The complexity of formulating diets for zoo animals: a matrix

Authors

  • S. Crissey

    1. Daniel & Ada L. Rice Conservation and Research Center, The Chicago Zoological Society, Brookfield Zoo, Brookfield, Illinois 60513, USA
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    • On 23 November 2002 Sue Crissey died after an extended illness. The Brookfield Zoo has established a fund in Sue's name to carry on the work that was most near and dear to her heart: training others to become zoo animal nutritionists and stimulating curiosity about the world around us. The goal of the Fund is to support residencies in nutritional studies that will improve the welfare of animals in zoos and aquariums. Donations may be made to the Susan D. Crissey Zoo Nutritionist Training Fund, Chicago Zoological Society/Brookfield Zoo, 3300 Golf Road, Brookfield, IL 60513, USA. http://nagonline.net/sue_crissey.htm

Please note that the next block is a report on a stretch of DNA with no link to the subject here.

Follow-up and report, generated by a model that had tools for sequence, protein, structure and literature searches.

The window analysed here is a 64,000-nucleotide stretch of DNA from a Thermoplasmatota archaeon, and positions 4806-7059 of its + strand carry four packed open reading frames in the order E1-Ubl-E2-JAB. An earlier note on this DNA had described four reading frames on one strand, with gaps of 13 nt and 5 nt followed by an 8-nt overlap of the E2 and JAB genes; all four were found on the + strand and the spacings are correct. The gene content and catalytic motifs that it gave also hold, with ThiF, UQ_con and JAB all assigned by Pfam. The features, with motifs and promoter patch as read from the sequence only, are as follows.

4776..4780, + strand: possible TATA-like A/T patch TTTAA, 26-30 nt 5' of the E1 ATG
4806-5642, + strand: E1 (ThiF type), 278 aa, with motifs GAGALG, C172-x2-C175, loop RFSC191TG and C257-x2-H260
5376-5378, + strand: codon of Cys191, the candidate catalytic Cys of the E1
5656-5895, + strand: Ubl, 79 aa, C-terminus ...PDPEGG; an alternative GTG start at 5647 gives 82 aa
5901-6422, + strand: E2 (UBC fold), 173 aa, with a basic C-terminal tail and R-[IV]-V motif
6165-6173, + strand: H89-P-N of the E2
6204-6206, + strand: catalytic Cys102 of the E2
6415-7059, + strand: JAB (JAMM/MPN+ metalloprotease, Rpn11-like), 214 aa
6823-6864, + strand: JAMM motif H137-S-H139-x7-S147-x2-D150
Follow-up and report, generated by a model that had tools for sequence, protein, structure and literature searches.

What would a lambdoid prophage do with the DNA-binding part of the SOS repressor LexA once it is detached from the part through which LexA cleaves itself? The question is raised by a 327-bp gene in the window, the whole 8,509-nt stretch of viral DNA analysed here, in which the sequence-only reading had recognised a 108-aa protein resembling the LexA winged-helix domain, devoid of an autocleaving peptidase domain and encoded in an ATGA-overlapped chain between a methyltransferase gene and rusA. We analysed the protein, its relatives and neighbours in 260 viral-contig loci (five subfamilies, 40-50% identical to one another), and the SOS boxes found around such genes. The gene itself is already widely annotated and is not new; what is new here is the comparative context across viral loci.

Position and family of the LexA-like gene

Abstract

The nutrition matrix presented here identifies a variety of factors that need to be considered when formulating diets for wild animals in captivity. The matrix is designed to be adapted so that it can be customized as required. Food consumption, nutritional requirements, health status and management constraints and opportunities are the four main categories to focus on when developing diets. Each of these categories may, in turn, be affected by other factors. (1) Food consumption is affected by the diet offered, client (zoo animal manager, keeper or veterinarian) wishes and animal preferences. (2) Nutritional requirements are defined by known species requirements and National Research Council recommendations, morphology and feeding ecology. Nutritional requirements may also be influenced by season, life-stage, activity, health status, stress and body temperature. (3) Health status can be affected by nutritional deficiencies or toxicities in the diet offered. Certain health conditions may require specific dietary input. (4) Animal-management protocols, such as housing, breeding opportunities and environment, are affected by other animals, food storage and preparation capacity, and feeding regime, which, in turn, can be affected by training, exercise and enrichment.

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